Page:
Torsten Klengel, a scientist at the Max Planck Institute of Psychiatry, explains the findings of the study as follows: "Depending on genetic predisposition, childhood trauma can leave permanent epigenetic marks on the DNA, further de-repressing FKBP5 transcription. The consequence is a permanent dysregulation of the victim's stress hormone system, which can ultimately lead to psychiatric illness. Decisive for victims of childhood abuse, however, is that the stress-induced epigenetic changes can only occur if their DNA has a specific sequence."

This recent study improves our understanding of psychiatric illnesses which arise from the interaction of environmental and genetic factors. The results will help tailor treatment particularly for patients who were exposed to trauma in early childhood, thereby greatly increasing their risk of illness.

Story Source:

The above story is reprinted from materials provided by Max-Planck-Gesellschaft (2012, December 2). Childhood trauma leaves mark on DNA of some victims: Gene-environment interaction causes lifelong dysregulation of stress hormones. ScienceDaily. Retrieved December 10, 2012, from­ /releases/2012/12/121202164057.htm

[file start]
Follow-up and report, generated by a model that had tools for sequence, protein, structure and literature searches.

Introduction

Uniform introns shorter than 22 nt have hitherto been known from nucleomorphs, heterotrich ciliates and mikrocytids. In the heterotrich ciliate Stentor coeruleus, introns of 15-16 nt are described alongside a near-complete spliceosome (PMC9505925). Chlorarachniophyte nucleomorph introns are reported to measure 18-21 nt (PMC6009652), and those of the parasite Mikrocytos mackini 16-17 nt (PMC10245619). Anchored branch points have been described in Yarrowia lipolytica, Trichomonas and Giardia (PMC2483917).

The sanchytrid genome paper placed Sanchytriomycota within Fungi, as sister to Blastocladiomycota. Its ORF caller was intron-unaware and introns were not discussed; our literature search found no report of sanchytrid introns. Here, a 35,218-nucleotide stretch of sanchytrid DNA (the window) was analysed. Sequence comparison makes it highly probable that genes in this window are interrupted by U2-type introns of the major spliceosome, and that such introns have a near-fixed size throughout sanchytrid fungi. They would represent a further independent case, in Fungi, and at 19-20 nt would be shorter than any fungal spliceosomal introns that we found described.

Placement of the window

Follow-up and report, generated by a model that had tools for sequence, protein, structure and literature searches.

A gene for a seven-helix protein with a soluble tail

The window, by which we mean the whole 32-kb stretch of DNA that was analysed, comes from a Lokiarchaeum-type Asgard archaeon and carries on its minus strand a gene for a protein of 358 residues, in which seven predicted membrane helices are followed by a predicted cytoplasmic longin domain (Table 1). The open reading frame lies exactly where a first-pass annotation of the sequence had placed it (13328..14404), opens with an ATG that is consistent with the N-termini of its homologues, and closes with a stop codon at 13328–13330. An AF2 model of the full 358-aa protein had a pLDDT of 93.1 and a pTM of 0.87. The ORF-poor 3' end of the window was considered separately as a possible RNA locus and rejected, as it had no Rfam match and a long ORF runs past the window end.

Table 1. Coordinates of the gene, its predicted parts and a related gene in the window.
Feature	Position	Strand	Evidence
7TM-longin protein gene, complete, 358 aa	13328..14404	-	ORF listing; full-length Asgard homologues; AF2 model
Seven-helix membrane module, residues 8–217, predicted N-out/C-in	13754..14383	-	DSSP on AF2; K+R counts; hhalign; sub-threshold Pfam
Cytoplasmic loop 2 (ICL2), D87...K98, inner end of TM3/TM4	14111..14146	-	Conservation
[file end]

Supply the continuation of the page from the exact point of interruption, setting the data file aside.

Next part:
Link to article

El Huracán Sandy: Como Lidiar con las Secuelas Emocionales

Por Nerina Garcia,-Arcement Ph.D. Traducción por Carla Saad, B.A.

Los desastres naturales, como el Huracán Sandy, nos recuerdan que tan vulnerables somos.  Entre más cercano haya sido la experiencia de uno con el huracán, la reacción que uno sentirá después podrá ser más intensa.  Al sobrevivir un desastre natural como el Huracán Sandy, uno puede sentir estrés, ansiedad, depresión y síntomas del trastorno de estrés postraumático.  Si usted ha sufrido de problemas emocionales en el pasado, el enfrentarse con un evento estresante, como el Huracán Sandy, puede exacerbar éstas condiciones pre-existentes.